As you may have read in my About Me section, running is a passion of mine and is a big part of my life. I ran my first half marathon in June 2011, and ever since then, I’ve been hooked. I’ve now run 17 half marathons and 9 full marathons. I recently qualified for the Boston Marathon and will be running it in April 2018.
I can say, without a doubt, marathon running has been life changing. I have yet to experience a feeling that compares to crossing that finish line after hours of strenuous physical and mental activity. Pushing through the discomfort and pain (or should I say agony…), the intense focus and the mental dialogue that goes through a person’s brain during this experience, is something that’s hard to put into words. Going through those experiences has taught me that I can do anything I set my mind to. This has translated into so many positive things in my life, including my career as a dietitian. As I build my dream job, I’m learning that no goal is too difficult to accomplish as long as I put in the hard work.
Scotiabank Calgary Marathon 2011
BMO Vancouver Marathon 2012
Okanagan Marathon 2012
Fueling Before, During and After a Run
With 9 full marathons under my belt, I’ve learned a lot about properly fueling before, during and after a run. There is certainly some science behind fueling and which types of fuel are best, but fueling is also highly individualized as I’ve learned. Below I’ll share with you what’s worked for me so far.
The night before a long run or race:
- Eat a high-carbohydate, moderate-protein, low-fat meal (protein and fat are more difficult to digest). Ex: pasta with tomato sauce and grilled chicken
- Avoid whole grain/high fibre foods the night before. Normally we recommend eating high fibre foods, but they take a long time to digest, making it hard to maximize your glycogen stores, which is so important during endurance exercise. Also, high fibre foods can cause gastrointestinal discomfort (aka bloating/cramps/diarrhea) on the day of the run/race.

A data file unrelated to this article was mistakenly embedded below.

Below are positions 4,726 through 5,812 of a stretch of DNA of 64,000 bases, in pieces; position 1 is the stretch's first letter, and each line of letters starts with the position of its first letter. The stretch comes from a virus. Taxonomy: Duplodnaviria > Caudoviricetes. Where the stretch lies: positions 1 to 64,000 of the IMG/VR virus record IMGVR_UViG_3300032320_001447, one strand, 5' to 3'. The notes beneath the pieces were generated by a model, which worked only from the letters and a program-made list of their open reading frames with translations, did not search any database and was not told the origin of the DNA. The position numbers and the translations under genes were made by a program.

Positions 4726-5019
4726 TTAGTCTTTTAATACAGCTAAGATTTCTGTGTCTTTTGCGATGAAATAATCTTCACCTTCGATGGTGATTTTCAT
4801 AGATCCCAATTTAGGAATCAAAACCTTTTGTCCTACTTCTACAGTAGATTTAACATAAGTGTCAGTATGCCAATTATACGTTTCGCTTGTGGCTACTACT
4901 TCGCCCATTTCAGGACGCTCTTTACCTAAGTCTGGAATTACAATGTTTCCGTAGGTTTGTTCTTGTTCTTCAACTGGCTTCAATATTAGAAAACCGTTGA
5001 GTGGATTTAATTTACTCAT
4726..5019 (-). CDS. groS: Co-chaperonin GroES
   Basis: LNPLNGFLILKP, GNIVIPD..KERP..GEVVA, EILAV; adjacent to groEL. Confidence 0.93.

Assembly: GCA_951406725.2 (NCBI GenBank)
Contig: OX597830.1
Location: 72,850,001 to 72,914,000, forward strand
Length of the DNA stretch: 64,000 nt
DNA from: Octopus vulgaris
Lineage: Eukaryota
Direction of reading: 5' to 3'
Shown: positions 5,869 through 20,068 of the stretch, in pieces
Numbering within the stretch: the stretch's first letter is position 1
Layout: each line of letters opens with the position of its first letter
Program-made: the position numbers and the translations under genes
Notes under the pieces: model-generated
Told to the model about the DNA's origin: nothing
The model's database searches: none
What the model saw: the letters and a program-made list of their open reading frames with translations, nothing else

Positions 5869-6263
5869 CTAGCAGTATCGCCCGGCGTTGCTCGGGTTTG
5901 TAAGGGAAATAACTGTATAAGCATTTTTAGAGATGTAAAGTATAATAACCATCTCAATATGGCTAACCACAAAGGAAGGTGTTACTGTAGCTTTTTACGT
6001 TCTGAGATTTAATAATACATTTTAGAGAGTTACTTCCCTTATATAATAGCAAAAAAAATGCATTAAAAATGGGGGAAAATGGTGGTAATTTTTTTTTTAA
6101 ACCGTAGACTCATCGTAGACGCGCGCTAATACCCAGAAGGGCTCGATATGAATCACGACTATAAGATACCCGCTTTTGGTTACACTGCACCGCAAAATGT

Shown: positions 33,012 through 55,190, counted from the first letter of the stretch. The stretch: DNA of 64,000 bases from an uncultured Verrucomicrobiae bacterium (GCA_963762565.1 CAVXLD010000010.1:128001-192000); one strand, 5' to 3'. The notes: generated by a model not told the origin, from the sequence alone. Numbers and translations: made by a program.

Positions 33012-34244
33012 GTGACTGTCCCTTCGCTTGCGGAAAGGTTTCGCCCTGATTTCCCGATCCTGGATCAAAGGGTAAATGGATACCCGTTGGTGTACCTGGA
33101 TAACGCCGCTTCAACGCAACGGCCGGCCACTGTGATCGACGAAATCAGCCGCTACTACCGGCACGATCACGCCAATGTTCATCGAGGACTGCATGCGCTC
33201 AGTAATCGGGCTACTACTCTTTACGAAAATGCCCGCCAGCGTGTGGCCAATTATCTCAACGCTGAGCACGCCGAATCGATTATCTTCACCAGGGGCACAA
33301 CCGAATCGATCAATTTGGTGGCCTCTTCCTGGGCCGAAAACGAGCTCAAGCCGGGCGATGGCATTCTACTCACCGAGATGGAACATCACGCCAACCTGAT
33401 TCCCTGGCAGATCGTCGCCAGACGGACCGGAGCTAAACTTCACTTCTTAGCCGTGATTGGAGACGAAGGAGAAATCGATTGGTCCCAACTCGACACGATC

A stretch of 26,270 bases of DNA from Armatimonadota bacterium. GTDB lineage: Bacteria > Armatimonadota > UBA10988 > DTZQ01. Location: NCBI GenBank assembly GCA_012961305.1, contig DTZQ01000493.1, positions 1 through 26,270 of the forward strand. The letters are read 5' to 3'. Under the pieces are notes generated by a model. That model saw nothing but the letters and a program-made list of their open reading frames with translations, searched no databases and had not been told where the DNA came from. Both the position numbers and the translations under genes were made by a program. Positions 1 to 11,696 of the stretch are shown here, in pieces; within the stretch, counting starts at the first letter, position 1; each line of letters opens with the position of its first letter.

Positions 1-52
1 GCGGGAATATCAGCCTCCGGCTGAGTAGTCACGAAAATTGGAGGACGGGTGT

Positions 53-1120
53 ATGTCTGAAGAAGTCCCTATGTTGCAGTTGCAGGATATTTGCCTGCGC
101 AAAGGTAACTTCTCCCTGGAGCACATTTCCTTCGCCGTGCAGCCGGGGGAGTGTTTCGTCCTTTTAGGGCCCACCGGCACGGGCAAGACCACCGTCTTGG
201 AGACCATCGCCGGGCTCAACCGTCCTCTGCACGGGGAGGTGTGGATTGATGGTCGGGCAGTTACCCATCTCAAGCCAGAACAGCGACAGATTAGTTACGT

- Don’t eat to the point where you’re really full and uncomfortable
- Drink plenty of water. Sip on water often throughout the day, especially the afternoon and evening before a long morning run or a race.
The morning of a long run or race:
- Eat a substantial breakfast. Even if you’re not a big breakfast person, get up extra early to allow time for digestion.
- Choose a breakfast with high carb, moderate protein and low fat (similar to dinner meal). For example, oatmeal with dried/fresh fruit and skim milk; or a bagel/toast with honey or peanut butter and a glass of juice
- As soon as you wake up in the morning, drink roughly 1/2 litre of water. This will give you time to go to the washroom before the run/race.
*The story on carbohydrate loading: Carbohydrate loading is a strategy used to store as much glycogen as possible by eating a larger than normal amount of carbs a few days leading up to a race or long run. I’ve carb-loaded many times and have found that really it was an excuse to eat more carbs: breads, muffins, pasta, cookies and all of those foods I love so much. The reality is that I don’t feel it helped my performance at all, considering that whole grain/high fibre carbs are a large part of what I eat anyways. I would suggest for ~3 days leading up to a marathon or very long run (>30 km) having 60-70% of your diet carbs. This is most important for people who eat a reduced carb diet, in which case they would have lower glycogen stores that they need to build up.